Don’t clash with state, Pakistan’s PM Khan warns protesters

Prime Minister Imran Khan addresses the nation on television. (File photo, courtesy PM's Office)
Updated 01 November 2018
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Don’t clash with state, Pakistan’s PM Khan warns protesters

  • A small segment of society is inciting masses, PM Khan said
  • TLP supporters are protesting against the apex court verdict to free Christian woman

ISLAMABAD: Pakistan’s Prime Minister Imran Khan, in a televised address to the nation on Wednesday, warned protesters not take the law into their own hands. “I appeal to these elements ... do not clash with the state.”
He said the apex court verdict that Christian woman Asia Bibi, who was in jail on blasphemy charges but won her appeal against the death sentence, was according to the constitution.
The prime minister added that a small segment of society is inciting the masses for their own political purposes.
“Let me make it clear to you ... the state will fulfil its duty and protect people’s lives and properties,” he said. “I appeal to you ... do not take the state to a level where it has no option but to initiate action.” 
Khan said that the language being used against the Supreme Court judges who announced the verdict and against  Army Chief General Qammar Javed Bajwa was unbearable.
“Saying that the judges of the Supreme Court are ‘Wajib ul Qatl’ (liable to be killed) and that the army chief is a ‘non-Muslim,’ and calling for a revolt against the chief justice and army chief ... This is unacceptable,” the PM said.
The central leader of the far-right Tehreek-e-Labbaik Pakistan party (TLP), Afzal Qadri, issued a decree against the judges who released Asia.
Supporters of Khadim Hussain Rizvi, a hard-line cleric and chief of the TLP, are demonstrating against the verdict, holding sit-in protests in Karachi, Lahore, Multan and leading protest rallies in Islamabad and other cities. Clashes between the protesters and police have been reported.
The area known as Red Zone in Islamabad, where the Supreme Court, Parliament and other important building are located, has been sealed off to keep protesters away from the court.
Bibi was the first woman in the country who had been given the death sentence for blasphemy.
The three-member bench headed by Supreme Court Chief Justice Saqib Nisar reversed two lower-court verdicts against Bibi and said she would be set free if she is not wanted in relation to any other case.


US Senator Graham urges Trump to meet Pakistan PM Khan

Updated 13 min 14 sec ago
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US Senator Graham urges Trump to meet Pakistan PM Khan

  • US and Pakistan should have “strategic engagement”, not transactional relationship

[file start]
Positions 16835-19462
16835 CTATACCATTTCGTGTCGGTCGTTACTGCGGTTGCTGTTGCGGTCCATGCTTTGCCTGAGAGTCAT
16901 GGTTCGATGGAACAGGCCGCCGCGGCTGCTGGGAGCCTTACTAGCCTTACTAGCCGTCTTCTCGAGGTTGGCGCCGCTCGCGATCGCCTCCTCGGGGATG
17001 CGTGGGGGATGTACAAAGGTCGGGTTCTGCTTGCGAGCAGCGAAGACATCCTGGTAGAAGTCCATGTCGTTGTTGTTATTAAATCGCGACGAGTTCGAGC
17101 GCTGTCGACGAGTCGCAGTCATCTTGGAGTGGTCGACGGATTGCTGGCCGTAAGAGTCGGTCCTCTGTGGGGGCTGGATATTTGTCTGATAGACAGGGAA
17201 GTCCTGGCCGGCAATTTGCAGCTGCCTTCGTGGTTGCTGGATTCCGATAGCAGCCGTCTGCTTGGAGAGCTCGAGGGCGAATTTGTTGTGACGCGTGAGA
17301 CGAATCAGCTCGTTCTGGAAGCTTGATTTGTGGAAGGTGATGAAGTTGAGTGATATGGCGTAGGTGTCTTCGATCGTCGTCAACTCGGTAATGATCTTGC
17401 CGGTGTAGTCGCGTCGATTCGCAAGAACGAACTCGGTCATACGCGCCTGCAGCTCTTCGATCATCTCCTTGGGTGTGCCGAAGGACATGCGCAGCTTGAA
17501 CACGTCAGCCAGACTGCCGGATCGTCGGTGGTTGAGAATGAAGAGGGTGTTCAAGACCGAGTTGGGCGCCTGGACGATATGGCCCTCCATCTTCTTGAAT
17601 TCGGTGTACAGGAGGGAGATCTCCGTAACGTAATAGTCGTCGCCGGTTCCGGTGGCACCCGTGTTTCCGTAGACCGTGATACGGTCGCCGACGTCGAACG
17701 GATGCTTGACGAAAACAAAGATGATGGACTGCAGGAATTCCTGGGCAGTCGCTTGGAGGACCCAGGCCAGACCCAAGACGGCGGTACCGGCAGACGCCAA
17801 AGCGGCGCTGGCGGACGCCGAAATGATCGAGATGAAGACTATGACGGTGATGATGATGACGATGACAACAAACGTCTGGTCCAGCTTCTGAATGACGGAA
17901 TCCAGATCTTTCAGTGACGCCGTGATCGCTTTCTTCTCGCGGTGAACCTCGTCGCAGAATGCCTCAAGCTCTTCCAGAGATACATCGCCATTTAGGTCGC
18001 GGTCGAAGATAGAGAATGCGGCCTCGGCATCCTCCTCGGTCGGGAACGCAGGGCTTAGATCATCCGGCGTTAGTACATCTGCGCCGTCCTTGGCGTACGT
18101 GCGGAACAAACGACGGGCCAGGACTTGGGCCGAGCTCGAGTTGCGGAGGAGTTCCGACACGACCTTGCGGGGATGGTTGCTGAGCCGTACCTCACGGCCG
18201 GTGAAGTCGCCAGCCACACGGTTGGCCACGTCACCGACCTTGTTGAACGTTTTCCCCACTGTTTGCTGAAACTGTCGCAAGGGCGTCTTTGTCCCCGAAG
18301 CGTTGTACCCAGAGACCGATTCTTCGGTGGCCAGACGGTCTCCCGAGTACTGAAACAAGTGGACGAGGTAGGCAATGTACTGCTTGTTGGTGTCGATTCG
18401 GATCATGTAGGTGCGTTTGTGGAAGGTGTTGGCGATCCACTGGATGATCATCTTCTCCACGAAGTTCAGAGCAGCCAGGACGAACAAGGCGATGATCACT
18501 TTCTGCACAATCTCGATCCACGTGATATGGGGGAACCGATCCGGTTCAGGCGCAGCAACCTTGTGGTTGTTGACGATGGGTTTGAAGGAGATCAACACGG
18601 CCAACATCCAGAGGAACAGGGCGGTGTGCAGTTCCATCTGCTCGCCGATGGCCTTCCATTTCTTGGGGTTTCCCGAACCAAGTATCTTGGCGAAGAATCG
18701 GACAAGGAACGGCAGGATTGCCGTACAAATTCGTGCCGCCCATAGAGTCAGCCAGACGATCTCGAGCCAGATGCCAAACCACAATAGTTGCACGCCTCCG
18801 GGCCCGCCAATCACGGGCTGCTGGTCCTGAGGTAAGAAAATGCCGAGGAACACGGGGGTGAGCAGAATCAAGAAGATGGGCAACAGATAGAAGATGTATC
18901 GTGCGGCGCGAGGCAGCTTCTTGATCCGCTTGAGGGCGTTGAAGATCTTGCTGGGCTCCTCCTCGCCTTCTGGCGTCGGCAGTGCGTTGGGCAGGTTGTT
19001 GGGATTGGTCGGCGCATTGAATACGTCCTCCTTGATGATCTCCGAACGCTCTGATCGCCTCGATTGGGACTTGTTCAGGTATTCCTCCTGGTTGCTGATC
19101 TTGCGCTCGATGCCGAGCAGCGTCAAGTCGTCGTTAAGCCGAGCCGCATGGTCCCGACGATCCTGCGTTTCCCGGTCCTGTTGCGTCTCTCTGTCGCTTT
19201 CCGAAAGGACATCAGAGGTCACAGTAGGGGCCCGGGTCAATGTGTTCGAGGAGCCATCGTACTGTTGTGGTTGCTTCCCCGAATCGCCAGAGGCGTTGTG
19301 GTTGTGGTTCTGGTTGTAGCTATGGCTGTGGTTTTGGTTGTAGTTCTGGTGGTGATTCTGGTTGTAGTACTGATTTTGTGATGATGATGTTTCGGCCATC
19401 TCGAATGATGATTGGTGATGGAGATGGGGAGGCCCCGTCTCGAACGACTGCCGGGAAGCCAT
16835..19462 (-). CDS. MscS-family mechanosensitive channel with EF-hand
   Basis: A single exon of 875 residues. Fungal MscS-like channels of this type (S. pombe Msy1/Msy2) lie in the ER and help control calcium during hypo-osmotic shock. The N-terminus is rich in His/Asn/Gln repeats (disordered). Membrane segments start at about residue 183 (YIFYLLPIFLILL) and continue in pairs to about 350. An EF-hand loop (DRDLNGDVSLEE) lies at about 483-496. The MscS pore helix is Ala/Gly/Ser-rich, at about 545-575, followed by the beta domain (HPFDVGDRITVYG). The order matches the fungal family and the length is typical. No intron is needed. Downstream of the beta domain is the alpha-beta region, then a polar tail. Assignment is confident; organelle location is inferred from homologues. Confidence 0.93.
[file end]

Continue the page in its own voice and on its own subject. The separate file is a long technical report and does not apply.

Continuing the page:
• The American senator sees a “unique opportunity” to change diplomatic direction of US-Pakistan ties

ISLAMABAD:  US Republican Senator Lindsey Graham said on Sunday President Donald Trump should meet Pakistani Prime Minister Imran Khan as soon as possible to reset long-difficult US relations with Pakistan and push for a peaceful settlement in Afghanistan.

The comments, which add to growing signs of improved relations between Islamabad and Washington, come amid efforts to press on with talks between the Taliban and the United States aimed at an agreement to end 17 years of war in Afghanistan.

"I've seen things change here and all in a positive direction," Graham, a member of the Senate Armed Services Committee who has generally been a staunch supporter of Trump, told a news conference in Islamabad.

He said a meeting with Khan, who has declared strong support for a peace agreement in Afghanistan, would leave Trump "far more enthusiastic about the region than he is today".

"With Prime Minister Khan we have a unique opportunity to change our relationship," he said. A previously transactional relationship, based on rewards for services rendered, should be replaced by "strategic engagement", including a free trade agreement, he said.

US relations with Pakistan have long been dogged by suspicions that elements in the Pakistani establishment were aiding the Taliban, a charge Islamabad strongly denies. However, relations have appeared to improve in recent months amid efforts to push the Taliban towards a peace deal.

Trump, who has in the past argued for the United States to withdraw from Afghanistan, has made it clear he wants to see a peace accord reached rapidly although the Taliban have so far refused to talk directly with the Afghan government.

Graham's trip to Pakistan coincided with a visit by Zalmay Khalilzad, the US special envoy for peace in Afghanistan, and top military commanders including General Joseph Votel, commander of US Central Command.

Khalilzad left Islamabad without announcing a new date for talks with Taliban representatives, who have refused further meetings until the US side agrees to discuss a timetable for withdrawing its forces.

The uncertainty has been increased by reports that Trump is prepared to order more than 5,000 US troops out of Afghanistan, a move that would represent a sharp change in course from Washington's previous policy of stepping up military action against the Taliban.

With Afghan forces suffering thousands of casualties a year and struggling to hold back the Taliban insurgency, the reports have caused alarm in Kabul, prompting many close to the government to question the US commitment to Afghanistan.

Asked whether there had been confusion over the US message, Graham, who has called for a Senate hearing on Trump's plans to withdraw US troops from Syria and Afghanistan, said "without a doubt" but added that he did not believe Washington would stand by and allow a Taliban victory.

"The world's not going to let the Taliban take Afghanistan over by force of arms. That would be unconscionable," he told Reuters. "Any president who let that happen would go down in history very poorly."